We will rely on a mechanism that provides assured means of repayment. In essence, that mechanism involves instructions to be given by the Mexican government's oil company, PeMex, to its customers as to where it is supposed to pay for the oil that they receive from PeMex and ultimately, that money will go into a bank account at the New York Fed where it would not be released in the event of a Mexican failure to meet its obligations.

Q What will determine whether you lend directly or loan guarantee? And does the IMF also exercise the same discretion?

SENIOR ADMINISTRATION OFFICIAL: The IMF provides fiveyear loans along the lines of its standard terms. Our decision will be based on a variety of financial features as the situation arises.

I should clarify that in a strict sense, we will not be lending, we will be engaging in swap operations. In a swap operation, we provide dollars to the other country -- in this case, Mexico -- and they provide their own currency, an account on their central bank, their own currency to our central bank. So, strictly speaking, these are swap operations. They have the effect of allowing one of the governments -- in this case, the Mexican government -- to make use of the dollars that we swap them. But in a strict sense, these are swap rather than loan arrangements.

Q What happens if the peso gains or loses value during that time?

SENIOR ADMINISTRATION OFFICIAL: Well, the swap -- the swap imposes an obligation to unwind. We give back the pesos, they give back the dollars. So there's no currency risk.

Q an agreed price --

SENIOR ADMINISTRATION OFFICIAL: At the agreed price that was the exchange rate when the thing was entered into.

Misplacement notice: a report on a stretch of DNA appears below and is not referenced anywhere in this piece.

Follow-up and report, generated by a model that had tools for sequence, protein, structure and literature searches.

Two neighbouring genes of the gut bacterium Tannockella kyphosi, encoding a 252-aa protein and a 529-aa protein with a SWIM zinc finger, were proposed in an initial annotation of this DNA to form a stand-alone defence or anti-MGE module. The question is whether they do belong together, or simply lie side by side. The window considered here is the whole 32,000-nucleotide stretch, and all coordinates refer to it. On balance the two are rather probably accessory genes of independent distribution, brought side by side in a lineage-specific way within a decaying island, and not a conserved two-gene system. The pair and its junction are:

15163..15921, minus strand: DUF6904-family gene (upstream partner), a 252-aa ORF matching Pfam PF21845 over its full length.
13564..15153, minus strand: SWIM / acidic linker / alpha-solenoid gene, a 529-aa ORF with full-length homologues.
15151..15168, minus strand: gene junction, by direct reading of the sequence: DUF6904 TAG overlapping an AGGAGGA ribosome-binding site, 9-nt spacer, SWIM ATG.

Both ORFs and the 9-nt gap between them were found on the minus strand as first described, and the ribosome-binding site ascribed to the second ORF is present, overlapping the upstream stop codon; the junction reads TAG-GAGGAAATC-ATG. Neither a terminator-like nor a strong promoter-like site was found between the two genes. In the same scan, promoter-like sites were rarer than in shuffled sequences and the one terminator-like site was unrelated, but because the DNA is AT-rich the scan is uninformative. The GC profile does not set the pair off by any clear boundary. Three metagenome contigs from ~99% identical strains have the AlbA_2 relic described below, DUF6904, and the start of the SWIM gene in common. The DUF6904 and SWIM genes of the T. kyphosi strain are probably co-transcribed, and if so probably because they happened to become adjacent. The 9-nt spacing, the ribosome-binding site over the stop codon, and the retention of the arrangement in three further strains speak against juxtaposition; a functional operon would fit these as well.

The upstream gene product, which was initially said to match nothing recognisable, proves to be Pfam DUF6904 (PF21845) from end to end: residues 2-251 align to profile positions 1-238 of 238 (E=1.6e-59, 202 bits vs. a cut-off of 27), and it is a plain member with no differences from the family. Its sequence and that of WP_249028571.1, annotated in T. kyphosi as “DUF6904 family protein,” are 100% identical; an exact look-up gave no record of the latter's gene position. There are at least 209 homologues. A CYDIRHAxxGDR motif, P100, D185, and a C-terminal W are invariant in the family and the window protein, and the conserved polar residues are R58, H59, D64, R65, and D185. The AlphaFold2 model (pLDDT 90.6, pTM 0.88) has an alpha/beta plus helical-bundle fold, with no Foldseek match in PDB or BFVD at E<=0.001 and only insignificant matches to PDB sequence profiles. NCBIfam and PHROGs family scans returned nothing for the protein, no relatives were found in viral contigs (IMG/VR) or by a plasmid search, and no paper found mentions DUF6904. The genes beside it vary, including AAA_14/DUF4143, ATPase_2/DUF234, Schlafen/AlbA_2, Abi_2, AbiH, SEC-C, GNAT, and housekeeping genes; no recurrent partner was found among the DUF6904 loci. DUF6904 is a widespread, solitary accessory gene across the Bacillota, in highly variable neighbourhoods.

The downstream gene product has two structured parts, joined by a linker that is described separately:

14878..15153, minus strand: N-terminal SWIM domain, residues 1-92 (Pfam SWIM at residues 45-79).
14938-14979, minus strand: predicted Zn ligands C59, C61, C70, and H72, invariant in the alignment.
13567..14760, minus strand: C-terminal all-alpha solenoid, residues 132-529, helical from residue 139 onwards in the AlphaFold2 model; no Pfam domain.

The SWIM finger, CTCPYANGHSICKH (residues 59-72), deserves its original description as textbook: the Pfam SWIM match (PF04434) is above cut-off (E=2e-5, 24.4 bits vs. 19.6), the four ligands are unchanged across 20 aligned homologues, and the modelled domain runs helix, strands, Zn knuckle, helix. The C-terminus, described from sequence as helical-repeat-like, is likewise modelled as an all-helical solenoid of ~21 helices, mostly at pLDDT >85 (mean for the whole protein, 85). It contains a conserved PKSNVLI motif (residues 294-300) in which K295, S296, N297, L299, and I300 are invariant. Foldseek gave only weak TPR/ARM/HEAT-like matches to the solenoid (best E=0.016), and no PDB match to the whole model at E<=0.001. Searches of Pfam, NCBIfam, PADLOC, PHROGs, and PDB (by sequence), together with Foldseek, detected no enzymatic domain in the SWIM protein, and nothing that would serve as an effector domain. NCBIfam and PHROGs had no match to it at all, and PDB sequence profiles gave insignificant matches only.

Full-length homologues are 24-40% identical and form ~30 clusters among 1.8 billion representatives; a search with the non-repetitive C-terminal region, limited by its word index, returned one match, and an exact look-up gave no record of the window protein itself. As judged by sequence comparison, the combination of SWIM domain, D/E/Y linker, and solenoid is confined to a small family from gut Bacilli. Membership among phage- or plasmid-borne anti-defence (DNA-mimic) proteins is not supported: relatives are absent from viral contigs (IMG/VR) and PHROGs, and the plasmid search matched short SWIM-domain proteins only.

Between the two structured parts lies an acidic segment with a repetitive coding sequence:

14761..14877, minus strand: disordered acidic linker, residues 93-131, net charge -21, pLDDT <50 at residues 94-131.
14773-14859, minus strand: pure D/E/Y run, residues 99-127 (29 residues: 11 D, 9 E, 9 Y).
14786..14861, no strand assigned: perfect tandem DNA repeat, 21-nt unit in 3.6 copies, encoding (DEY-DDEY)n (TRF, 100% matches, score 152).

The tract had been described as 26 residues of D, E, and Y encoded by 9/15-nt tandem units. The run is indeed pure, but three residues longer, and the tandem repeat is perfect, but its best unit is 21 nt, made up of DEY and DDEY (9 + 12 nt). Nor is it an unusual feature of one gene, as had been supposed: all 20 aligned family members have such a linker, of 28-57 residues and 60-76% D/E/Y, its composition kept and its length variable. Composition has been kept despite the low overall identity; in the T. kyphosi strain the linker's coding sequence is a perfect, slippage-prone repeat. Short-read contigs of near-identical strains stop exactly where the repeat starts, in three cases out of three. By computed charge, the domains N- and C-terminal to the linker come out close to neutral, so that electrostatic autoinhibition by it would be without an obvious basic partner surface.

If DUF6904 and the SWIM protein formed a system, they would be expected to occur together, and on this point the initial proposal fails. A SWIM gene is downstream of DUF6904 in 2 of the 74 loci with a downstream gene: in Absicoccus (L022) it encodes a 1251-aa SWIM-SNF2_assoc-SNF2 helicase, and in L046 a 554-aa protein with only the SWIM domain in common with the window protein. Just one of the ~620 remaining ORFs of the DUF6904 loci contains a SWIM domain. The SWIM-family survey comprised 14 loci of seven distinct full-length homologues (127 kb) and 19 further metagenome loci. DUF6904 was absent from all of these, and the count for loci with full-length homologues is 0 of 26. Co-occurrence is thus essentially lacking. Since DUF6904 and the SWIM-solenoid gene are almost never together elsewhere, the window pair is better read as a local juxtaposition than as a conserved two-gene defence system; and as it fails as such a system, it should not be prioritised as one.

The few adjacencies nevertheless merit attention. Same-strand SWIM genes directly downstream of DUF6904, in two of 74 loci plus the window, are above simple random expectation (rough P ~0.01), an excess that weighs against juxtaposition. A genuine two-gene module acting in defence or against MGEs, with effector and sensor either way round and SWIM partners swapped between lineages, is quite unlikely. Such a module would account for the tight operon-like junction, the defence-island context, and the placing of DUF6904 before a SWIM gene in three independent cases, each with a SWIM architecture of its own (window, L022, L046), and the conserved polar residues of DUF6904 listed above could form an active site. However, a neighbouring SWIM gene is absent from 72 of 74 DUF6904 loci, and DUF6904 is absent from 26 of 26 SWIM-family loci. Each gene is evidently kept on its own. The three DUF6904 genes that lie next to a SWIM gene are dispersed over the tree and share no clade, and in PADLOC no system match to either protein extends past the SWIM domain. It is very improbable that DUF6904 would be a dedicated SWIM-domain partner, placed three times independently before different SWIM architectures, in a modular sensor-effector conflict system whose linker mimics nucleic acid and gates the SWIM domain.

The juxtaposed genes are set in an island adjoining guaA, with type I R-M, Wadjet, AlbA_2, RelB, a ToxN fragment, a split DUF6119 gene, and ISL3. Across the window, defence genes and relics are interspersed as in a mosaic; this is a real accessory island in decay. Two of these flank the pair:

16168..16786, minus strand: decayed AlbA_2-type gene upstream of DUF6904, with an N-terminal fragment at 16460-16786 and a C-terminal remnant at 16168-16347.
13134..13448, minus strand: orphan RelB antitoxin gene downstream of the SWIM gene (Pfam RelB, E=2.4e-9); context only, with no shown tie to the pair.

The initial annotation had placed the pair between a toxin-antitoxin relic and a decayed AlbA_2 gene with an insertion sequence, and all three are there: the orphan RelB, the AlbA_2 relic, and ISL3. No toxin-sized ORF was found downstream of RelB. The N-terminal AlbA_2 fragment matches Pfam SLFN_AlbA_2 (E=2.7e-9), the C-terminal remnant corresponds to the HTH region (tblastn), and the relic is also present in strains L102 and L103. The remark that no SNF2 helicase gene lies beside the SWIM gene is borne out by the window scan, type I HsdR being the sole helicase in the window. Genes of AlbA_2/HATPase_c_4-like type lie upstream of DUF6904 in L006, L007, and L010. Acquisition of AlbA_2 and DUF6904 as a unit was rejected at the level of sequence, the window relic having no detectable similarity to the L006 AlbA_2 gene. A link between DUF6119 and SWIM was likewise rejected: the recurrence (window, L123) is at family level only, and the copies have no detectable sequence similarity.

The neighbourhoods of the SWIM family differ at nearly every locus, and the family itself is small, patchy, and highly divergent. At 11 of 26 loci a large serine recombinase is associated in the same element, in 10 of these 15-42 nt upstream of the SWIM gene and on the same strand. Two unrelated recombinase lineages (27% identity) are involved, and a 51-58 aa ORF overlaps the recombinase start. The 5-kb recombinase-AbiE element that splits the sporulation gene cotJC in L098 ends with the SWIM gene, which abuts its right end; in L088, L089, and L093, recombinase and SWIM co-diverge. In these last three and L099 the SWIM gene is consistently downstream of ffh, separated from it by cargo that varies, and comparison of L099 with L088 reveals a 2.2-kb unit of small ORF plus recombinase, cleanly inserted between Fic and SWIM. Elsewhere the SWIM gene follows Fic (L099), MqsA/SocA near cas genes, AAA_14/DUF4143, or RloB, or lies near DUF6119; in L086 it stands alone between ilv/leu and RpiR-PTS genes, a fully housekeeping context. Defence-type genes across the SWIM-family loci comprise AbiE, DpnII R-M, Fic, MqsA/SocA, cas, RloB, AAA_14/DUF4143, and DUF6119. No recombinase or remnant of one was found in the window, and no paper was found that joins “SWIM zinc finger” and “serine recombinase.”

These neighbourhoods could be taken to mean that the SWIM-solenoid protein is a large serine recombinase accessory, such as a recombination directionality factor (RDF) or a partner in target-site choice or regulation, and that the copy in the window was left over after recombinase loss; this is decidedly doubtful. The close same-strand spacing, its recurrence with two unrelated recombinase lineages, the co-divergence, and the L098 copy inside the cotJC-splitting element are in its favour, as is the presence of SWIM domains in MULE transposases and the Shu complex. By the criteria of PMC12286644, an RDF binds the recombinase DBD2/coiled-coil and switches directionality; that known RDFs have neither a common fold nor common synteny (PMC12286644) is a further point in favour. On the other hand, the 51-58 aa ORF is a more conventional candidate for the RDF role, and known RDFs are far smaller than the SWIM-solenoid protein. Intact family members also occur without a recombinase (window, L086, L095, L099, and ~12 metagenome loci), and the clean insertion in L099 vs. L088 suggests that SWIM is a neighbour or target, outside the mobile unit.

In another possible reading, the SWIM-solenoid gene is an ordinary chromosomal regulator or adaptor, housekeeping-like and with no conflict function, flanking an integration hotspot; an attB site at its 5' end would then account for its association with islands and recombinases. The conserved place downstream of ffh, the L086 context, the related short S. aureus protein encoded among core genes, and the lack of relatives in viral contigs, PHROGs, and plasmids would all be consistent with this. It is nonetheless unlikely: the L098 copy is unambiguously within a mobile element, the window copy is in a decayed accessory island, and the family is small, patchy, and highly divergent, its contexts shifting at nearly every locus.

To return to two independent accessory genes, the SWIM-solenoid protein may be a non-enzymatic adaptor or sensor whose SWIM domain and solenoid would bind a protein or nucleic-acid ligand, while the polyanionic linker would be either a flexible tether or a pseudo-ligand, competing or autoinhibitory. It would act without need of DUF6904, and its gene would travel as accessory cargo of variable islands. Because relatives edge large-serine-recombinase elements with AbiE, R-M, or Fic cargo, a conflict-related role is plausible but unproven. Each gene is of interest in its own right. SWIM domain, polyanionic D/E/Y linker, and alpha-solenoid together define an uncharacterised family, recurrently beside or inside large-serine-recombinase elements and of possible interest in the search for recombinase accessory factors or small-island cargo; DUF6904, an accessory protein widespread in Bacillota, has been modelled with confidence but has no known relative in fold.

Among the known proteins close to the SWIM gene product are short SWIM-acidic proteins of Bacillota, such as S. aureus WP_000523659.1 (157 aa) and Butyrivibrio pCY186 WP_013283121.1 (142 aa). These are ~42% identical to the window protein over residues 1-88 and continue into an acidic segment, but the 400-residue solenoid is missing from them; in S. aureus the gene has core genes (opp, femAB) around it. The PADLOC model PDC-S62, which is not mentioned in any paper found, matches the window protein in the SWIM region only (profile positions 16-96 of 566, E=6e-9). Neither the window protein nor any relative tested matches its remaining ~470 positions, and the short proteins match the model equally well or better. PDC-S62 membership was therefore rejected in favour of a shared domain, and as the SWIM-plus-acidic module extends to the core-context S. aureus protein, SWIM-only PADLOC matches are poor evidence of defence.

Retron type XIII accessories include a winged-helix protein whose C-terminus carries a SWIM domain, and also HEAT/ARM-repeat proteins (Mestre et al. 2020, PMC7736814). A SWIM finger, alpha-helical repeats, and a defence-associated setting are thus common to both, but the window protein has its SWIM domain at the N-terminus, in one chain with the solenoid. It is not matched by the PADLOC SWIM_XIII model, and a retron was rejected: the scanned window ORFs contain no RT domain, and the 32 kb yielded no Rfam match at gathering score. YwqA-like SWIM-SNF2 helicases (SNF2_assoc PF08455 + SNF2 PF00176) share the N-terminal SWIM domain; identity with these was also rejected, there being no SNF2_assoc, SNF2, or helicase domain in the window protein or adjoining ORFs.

Q What will determine a month or a year from now which you do -- a swap or a loan guarantee?

SENIOR ADMINISTRATION OFFICIAL: Let me -- it will depend on a variety of the financial factors as things unfold. I expect we'll rely primarily, but not exclusively, on loan guarantees.

Q Where is the $10 billion from the IMF coming from? It's very unclear in their press release -- refers to contributions by non-G-7 central banks, or the IMF's own resources. Do you want to elaborate?

SENIOR ADMINISTRATION OFFICIAL: Sure. I would refer you to them, but my understanding is that the IMF has committed to provide this extra $10 billion; that it is their hope that the central banks that have not yet been participants in this effort will be prepared to make available loans on the same basis as the IMF makes available, and if so, they will reduce the size of their $10 billion commitment.

In the event that they are not successful in enlisting those governments, those central banks, they will provide the full $10 billion. So the IMF is, in effect, making a commitment to provide the $10 billion and announcing that it will seek to lay off that commitment on member central banks, outside of those that are included in the BIS facility.